Few people will really know how the new tax bill will affect their charitable deductions until they prepare this year’s taxes and figure out their deductions, if any.
But based on the framework of the tax bill, which limits or disincentivizes deductions for charitable contributions, the likelihood is that the deductions will drop.
Does that mean that charitable contributions will also drop?
If there is no more tax incentive, or a reduced tax incentive, for charitable contributions, will those contributions still be made?
Based on reports I hear on NPR and on discussions elsewhere, many nonprofits are worried. The tax incentive, it seems, has been a big factor in charitable giving.
Or so it is said.
Which got me to thinking, not about charity’s tax incentive, but about its tzedakah incentive.
The Torah requires that virtually everyone give 10% of one’s net income to charity. This is the basic requirement. There are many qualifying details.
Such as: Which charities qualify? Are there charities that do not qualify, such that even if I give large sums to them I have not met any part of my 10% requirement? Oversimplifying, the answer is yes. The basic qualifying charities are food and Torah study, that is, the alleviation of poverty and the acquisition of Jewish knowledge. There are, of course, almost countless other worthy charities, which means that if one meets the 10% requirement for food and Torah, one may well wish to allot additional sums for all of the other worthy causes.
Clearly, definition plays a key role. Food and Torah may embrace a variety of causes. This is not the forum to enter into this kind of detail, which a learned rabbinic adviser can clarify.
My point here is more general: motivation. In the absence of a tax incentive, one is left only with a Torah incentive. Tzedakah is tzedakah, no less obligatory than unsubsidized matzah for Passover, for instance. The fact that a government incentive to give charity may decline or go away should have no effect on a Jewish person’s giving.
Of course, in reality, it may have an effect.
I asked Marsha Hurwitz, interim CEO of JEWISHcolorado, for her perspective.
“We have to help people understand the impact their tzedakah has,” she says. “When you can show cause-and-effect in transforming people’s lives, people want to be part of that mitzvah.”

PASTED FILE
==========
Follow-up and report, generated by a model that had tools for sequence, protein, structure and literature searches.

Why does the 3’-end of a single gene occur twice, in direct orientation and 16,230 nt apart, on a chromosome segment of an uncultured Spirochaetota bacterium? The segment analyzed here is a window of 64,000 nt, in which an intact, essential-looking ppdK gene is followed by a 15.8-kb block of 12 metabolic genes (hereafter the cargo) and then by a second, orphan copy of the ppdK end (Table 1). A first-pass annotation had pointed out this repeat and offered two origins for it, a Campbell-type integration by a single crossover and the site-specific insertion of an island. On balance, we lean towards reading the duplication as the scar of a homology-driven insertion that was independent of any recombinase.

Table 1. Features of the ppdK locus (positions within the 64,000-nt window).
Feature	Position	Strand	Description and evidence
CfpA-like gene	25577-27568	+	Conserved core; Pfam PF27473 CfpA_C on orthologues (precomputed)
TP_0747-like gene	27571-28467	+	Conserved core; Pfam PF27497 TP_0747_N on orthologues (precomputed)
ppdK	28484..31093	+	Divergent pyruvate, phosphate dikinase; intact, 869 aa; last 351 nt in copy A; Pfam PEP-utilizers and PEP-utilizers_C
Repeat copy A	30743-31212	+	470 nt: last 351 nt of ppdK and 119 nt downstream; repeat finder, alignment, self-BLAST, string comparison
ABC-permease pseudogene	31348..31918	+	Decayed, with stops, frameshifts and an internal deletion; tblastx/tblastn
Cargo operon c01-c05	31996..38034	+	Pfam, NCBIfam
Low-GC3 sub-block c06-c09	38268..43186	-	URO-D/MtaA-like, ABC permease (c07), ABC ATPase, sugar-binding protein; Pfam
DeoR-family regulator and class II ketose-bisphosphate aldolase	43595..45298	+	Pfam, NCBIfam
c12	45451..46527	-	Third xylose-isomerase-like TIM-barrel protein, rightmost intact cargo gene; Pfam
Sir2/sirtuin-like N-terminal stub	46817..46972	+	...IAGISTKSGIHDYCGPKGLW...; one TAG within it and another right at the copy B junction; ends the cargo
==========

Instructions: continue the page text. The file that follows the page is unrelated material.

Is Hurwitz worried? Will the new tax bill pose a challenge to nonprofits?
“We’re hearing that it is quite possible that the tax bill will pose a challenge, but what I’ve been reading from other nonprofits, Jewish and other, is that people will still want to give for the right reasons.”
Still, “we as an industry will be challenged if that deduction piece goes away.”
Right now, she says, people are calling JEWISHcolorado to prepay, to make next year’s donation now, when the deduction is still fully in place.
They are not necessarily giving more, but giving early, “given the uncertainty of how the tax code will impact them,” says Hurwitz. “It is a very busy time.”
It would be naive to think that for most of us the new tax bill will not pose a personal challenge. I am not old enough to remember a time when charitable deductions were not deductible. What we have, therefore, is a spiritual opportunity: to purify our motivation and sustain our level of giving.
It is always a challenge to follow the Torah for its own sake, without expectation of reward. Be it prayer, community activism, decency in interpersonal relationships or rituals such as Passover, there is always a “shelo lishmah,” a non-altruistic element, lurking.
Do I pray because I want to pray, or because I want to appear pious the eyes of others? Do I pray too quickly because I’m distracted and just want to get out of shul?
Am I active in a Jewish institution because I think I’ll meet business contacts this way?
Am I kind to someone because I know or suspect I’ll need a favor from that person down the line?
Do I embrace Passover because it’s just a chance to get away from work or from school?
In whatever we do Jewishly, we are challenged to purify our motives and actions. No one escapes this occupational hazard of Judaism.
The tax bill will just add one more dimension to this spiritual challenge. We may be asked to meet the 10% threshold with or without the charitable deduction. It’s really just the age-old challenge in a new form.
Rabbi Hillel Goldberg can be reached at email@example.com
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